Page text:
Active Bond Crowd Definition
Active bond crowd refers to the name given to the New York Stock Exchange (NYSE) members and the particular bond trading departments which are recognized as traders who engage in frequent trading of active bonds.
A Little More on What is an Active Bond Crowd
The active bond crowd on the NYSE creates liquidity and is capable of influence the price of bonds which are traded on the market in that they usually account for the largest transaction volumes in the market. Liquidity shows the extent to which a security or asset can be speedily bought or sold in the market without having an effect on the price of the asset. In general, the active bond crowd would be able to demand better buying and selling prices of active bonds. These active bonds are either corporate bonds or other fixed-income securities which are often traded largely on the New York Stock Exchange.
For some investors, active bonds can be appealing. This is because as fixed-income securities, the bonds’ price is usually unaffected by their high volume of trade. Also, active bonds are often rated higher by agencies like Moody’s and Standard & Poor’s. Combining these features, investors frequently utilize active bonds to diversify portfolio or as a somewhat safe investment when the market is volatile.
A daily chart is published by many financial publications. This chart shows the ten most actively traded securities which are based on the total face value traded, in each of the three sectors of the corporate bond market: high-yield, convertibles, and investment grade. Investors can utilize this data for comparing the market value of the corporate bonds they are either thinking of buying or the bonds they own. As noted by SIFMA, higher volumes of trade for a specific security typically means better order execution, higher liquidity, and highly active market for buyer and caller connection. The most actively traded corporate bonds of the day might show where the bond investors get the biggest opportunities, as well as, risks in terms of both issuers and industries.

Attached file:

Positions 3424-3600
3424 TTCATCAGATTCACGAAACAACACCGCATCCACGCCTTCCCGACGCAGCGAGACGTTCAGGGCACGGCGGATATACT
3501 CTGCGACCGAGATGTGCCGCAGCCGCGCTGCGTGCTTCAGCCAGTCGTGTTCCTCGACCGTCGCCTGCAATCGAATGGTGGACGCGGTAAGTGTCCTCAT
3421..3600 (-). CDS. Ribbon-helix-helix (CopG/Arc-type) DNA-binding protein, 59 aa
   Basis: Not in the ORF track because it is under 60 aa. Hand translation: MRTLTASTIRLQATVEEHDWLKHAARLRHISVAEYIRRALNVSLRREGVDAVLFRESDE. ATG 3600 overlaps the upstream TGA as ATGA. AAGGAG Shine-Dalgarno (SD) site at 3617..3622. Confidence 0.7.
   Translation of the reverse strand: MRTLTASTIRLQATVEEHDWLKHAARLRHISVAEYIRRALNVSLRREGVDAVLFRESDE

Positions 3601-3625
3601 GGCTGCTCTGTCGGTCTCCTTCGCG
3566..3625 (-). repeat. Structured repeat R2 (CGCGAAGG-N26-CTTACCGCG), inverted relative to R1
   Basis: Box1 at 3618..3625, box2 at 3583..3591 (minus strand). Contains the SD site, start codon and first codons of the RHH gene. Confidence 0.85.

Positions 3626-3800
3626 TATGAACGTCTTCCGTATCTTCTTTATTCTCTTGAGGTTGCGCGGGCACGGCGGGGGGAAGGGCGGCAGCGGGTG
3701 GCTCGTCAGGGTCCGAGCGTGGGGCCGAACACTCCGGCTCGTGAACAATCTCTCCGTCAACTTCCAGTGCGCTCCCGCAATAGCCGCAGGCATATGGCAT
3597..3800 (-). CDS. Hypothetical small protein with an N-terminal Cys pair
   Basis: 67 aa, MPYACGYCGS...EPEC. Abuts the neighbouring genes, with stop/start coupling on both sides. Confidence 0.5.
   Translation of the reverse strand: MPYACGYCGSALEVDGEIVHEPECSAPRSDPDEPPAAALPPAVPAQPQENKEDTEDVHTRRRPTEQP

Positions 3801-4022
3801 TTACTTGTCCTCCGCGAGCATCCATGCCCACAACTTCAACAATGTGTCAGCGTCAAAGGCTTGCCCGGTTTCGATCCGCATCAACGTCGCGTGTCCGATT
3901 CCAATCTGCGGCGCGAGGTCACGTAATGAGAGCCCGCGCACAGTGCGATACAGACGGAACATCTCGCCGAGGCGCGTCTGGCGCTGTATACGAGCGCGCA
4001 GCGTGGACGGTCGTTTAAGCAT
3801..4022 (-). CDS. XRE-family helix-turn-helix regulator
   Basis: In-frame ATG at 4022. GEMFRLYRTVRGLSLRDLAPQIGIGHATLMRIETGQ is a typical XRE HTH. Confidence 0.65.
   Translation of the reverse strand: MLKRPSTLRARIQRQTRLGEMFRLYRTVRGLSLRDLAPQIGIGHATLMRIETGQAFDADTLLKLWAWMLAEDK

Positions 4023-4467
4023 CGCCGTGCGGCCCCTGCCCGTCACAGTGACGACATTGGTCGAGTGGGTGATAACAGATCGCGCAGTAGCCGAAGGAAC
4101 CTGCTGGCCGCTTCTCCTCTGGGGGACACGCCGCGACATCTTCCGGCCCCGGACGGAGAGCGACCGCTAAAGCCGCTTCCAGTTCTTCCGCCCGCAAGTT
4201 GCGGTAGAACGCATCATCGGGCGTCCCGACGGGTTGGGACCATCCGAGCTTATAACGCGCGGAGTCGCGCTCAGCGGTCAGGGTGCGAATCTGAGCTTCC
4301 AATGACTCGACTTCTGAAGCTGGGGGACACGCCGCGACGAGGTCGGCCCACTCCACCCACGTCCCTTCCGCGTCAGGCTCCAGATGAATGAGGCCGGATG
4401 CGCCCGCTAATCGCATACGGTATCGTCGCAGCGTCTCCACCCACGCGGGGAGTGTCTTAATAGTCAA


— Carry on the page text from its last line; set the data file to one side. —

Inactive Bond Crowd
The inactive bond crowd is the opposite of an active bond crowd. This term describes an exchange members’ group who buy and also sell bonds which are seldom traded. When an inactive bond crowd places limit orders, it might take a longer time to fill as a result of infrequent trading. Another name for the inactive bond crowd is the cabinet crowd. Before the invention of electronic trading, orders placed by members of the inactive bond crowd usually were kept in cabinets off to the side of the general trading floor. This brought about the cabinet crowd nickname.
Reference for “Active Bond Crowd”
Academic research on “Active Bond Crowd”
The microstructure of the bond market in the 20th century, Biais, B., & Green, R. (2019). The microstructure of the bond market in the 20th century. Review of Economic Dynamics. Bonds are traded in opaque and fragmented over-the-counter markets. Is there something special about bonds precluding transparent limit-order markets? Historical experience suggests this is not the case. Before WWII, there was an active market in corporate and municipal bonds on the NYSE. Activity dropped dramatically, in the late 1920s for municipals and in the mid 1940s for corporate, as trading migrated to the over-the-counter market. Average trading costs in municipal bonds on the NYSE were half as large in 1926-1927 as they are today over the counter. Trading costs in corporate bonds for small investors in the 1940s were as low or lower than they are now. The difference in transactions costs likely reflects the differences in market structures, since underlying technological changes have likely reduced costs of matching buyers and sellers.